When I moved to California, I immediately set out to get new clients for our ad agency. The easiest kind of new business to get was high tech. Or so I thought.
I was up against a wall I never faced in Chicago or Detroit.
People I met in high tech seemed convinced that the product was the marketing. Just focus on the product, explain its features, and you're done. That was advertising. It was completely alien to me because I was brought up learning that people were more important than products. To me, the only thing that mattered were the benefits, not the features. What a product could do for you.
So I contacted Regis McKenna, the high-profile Silicon Valley public relations guru. He urged me to stick with what I was doing; he felt the same way and was doing exactly that in P.R.
The October 10, 2011, issue of Advertising Age brought it all back to me. It said that when it came to marketing, Steve Jobs was an "exceptionally bold traditionalist".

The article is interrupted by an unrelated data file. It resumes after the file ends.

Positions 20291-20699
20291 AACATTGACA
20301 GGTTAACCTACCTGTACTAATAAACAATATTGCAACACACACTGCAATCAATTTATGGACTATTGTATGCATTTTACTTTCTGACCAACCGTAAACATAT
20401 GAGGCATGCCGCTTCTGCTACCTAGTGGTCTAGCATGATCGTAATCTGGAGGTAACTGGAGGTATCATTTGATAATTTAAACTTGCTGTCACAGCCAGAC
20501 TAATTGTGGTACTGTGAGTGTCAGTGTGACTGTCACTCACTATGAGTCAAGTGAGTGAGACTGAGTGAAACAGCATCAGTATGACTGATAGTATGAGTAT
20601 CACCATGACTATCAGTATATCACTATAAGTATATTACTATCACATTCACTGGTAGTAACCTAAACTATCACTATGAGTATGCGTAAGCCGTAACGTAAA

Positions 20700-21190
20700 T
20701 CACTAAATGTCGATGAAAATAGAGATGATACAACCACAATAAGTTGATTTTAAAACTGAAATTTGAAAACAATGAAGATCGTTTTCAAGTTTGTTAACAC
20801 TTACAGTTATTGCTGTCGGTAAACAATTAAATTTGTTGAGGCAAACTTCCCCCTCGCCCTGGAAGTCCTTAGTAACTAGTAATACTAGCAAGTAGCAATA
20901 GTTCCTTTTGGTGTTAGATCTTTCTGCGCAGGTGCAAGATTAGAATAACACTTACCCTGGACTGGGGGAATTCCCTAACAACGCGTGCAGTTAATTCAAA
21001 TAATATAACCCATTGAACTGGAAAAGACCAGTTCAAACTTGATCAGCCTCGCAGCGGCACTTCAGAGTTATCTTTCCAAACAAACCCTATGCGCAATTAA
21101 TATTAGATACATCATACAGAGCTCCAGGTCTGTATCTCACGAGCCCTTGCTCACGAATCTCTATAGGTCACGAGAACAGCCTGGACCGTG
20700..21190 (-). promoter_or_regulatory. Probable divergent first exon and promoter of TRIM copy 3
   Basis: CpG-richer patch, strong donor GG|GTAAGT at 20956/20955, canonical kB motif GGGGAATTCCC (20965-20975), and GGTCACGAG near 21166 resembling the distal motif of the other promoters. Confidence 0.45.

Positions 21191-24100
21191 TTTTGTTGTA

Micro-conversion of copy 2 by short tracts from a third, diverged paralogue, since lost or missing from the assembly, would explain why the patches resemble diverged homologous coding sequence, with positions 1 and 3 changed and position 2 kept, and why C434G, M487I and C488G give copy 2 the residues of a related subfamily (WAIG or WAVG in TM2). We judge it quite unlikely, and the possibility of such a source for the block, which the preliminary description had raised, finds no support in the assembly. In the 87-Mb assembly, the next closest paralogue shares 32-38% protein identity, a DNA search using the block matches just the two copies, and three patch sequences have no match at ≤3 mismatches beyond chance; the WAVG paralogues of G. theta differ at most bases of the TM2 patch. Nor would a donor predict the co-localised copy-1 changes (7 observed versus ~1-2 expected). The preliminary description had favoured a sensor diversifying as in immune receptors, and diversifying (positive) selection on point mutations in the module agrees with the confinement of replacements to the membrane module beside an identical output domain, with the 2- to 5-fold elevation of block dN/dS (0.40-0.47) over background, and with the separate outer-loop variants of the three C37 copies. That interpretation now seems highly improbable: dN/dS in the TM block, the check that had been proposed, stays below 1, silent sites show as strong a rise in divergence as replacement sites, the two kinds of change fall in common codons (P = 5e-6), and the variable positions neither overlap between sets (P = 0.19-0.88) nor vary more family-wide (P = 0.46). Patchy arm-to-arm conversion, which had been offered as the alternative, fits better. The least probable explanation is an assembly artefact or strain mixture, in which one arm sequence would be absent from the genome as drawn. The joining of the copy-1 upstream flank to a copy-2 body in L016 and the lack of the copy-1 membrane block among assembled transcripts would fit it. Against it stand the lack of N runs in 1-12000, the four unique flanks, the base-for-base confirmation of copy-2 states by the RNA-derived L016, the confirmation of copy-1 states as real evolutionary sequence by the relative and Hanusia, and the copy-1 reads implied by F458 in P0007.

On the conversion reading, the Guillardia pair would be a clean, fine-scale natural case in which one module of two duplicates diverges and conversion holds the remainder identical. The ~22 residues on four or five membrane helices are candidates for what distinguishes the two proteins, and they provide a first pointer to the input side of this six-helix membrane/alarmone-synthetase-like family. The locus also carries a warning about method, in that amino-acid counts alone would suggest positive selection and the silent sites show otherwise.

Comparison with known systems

To quote: "At a time when marketers obsess over the virtues of targeting, 'likes', dashboards, platforms of all stripes and sophisticated social media marketing schemes, Steve Jobs kept it simple: tell the story of how an amazing product can change your life, in the best environment possible."
Apple spent $420 million in advertising in 2010. It was the ninth largest spender on outdoor ads in the U.S.
Allen Olivo, who worked at Apple and now teaches marketing at UC Berkeley's Haas School of Business, said "Steve not only liked advertising, he understood the value of advertising as part of building a brand, selling products, and creating an entire customer experience".
To quote Mr. Jobs, "Even a great brand needs investment and caring if it is going to retain its relevance and vitality."
Nobody does it better than Apple, and now it's up to their ad agency to carry Steve's torch.